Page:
• Have a richer, more immersive, more compelling experience thanks to Facebook’s newly-acquired VR technology

This concept of immersive memories avoids all of the hang-ups we see with the popular assessment of Facebook’s new relationship with Oculus Rift, and gets right back to the all-important idea of sharing experiences with friends.

What’s Next?

To really make the most of this move towards an immersive sharing experience with friends, a playback/control input device like Oculus Rift just isn’t enough. People need to get their experience into the system, which is where things get interesting. What else would people need?

  1. 3D environment capture

  2. Wearable 3D experience video capture

  3. 3D space reconstruction and navigation

  4. Massive storage and fast access for smooth real-time navigation

  5. Solid, high-speed broadband

Oculus Rift is a step in the right direction, but there’s certainly a lot that needs to happen in order for users to be able to make the most of this experience. VR is still in its infancy. Using headgear is a big behavioral change, especially at a time when more Facebook use is happening on mobile. That said, this sort of acquisition could be the necessary next step for launching VR into the mainstream.

If Facebook wants to create a system of immersive memories, it needs to think about what companies provide these capabilities (whether to buy or partner), who else wants them, what is in it for them to go through Facebook instead of someone else, and what exactly is an appropriate valuation. With some of Facebook’s other recent acquisitions, it’s clear that Zuckerberg is able to think through these kinds of problems.

If Facebook is serious about taking the next steps to round out the system of IP or physical offerings, there are a few companies that I think Zuckerberg should be looking at:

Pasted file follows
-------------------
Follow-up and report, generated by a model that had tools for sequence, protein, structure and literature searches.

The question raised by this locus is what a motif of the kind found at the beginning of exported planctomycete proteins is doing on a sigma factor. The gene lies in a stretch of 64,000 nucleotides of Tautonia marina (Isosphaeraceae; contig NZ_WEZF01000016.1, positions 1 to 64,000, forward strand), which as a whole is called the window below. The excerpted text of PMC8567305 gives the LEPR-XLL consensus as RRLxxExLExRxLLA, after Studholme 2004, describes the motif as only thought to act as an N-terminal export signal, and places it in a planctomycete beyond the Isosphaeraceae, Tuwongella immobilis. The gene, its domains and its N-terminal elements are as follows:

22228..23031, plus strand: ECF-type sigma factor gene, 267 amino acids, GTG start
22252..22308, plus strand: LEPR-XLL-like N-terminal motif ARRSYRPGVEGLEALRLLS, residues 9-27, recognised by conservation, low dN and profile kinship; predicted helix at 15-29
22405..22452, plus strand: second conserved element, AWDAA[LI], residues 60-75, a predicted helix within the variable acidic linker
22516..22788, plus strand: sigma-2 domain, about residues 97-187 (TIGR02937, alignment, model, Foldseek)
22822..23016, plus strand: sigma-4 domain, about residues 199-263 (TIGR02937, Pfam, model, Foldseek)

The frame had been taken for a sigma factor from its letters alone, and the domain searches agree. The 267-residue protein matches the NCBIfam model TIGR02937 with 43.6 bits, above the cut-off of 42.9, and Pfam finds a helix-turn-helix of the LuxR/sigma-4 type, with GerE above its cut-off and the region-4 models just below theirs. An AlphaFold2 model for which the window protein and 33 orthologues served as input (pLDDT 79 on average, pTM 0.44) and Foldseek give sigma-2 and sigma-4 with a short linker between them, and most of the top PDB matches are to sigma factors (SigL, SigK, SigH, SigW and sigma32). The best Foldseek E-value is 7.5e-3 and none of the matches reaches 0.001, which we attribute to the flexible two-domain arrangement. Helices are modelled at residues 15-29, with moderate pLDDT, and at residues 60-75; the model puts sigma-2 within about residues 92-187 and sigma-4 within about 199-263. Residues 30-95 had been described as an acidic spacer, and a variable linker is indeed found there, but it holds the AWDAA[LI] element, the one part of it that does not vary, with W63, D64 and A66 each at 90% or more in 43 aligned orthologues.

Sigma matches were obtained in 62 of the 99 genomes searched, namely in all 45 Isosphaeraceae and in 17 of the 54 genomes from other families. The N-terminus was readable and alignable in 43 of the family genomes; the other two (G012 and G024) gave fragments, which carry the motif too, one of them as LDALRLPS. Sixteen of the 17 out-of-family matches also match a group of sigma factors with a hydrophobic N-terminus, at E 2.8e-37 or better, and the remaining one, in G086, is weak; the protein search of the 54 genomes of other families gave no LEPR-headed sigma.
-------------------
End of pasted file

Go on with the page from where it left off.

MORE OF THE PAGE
1. GoPro: GoPro is already capturing compelling experiences. Facebook needs more compelling experiences to make the most of this new world it’s trying to build.

  2. Telepathy One: Telepathy One is a nifty Google Glass competitor with this use case in mind. A system of immersive memories needs memories, and a device like this could help capture those kinds of images every day.

  3. Panono Ball: Toss it or roll it around, and capture a space. Useful for the type of image capturing that a device like the Rift requires.

  4. Photosynth: A software that can stich images together faster or as well as Google Street View or Earth—live and at consumer-accessible processing bandwidth by 2016. This, or something like it, is essential to capturing the environment in a seamless way.

  5. Artemis: Facebook’s interest in broadening wireless infrastructure to reach remote users (drone-mounted hotspots?) could use Artemis’ pCell technology. It could also speed up video transfer rates for already dense areas, a necessity considering the massive bandwidth that this type of imaging requires.

If Facebook is going to create a fully immersive experience, it’s going to need more than just Oculus Rift to do it, and companies like those above could all help Facebook continue to build a full system—instead of just one part of it.

In looking at this acquisition, I find it more useful to think about finding the opportunities present in what information is available. Doing so implies a lot about what could be next—immersive memories—and what’s adjacent to where the brand is today.

In purchasing Oculus Rift, Facebook isn’t looking to make a more immersive Farmville, to create virtual rooms, or even just to defend itself against Google. It’s looking to build upon its core competencies—always a good idea—and create an even more immersive personal network, the likes of which have never been seen before.

For Ford, Options Come Directly from Early Action

Posted April 10, 2014 by Editor
sheet aluminum

This post was written by Neal Moore, Directing Associate and Senior Strategist here at Jump. You can get in touch with him by commenting on this post. For the first part of this small series on Ford’s Aluminum F-150, see Mike Smith’s post, The Bet Ford Is Placing On Their Aluminum F-150 Isn’t On Design—It’s On Consumer Opinion.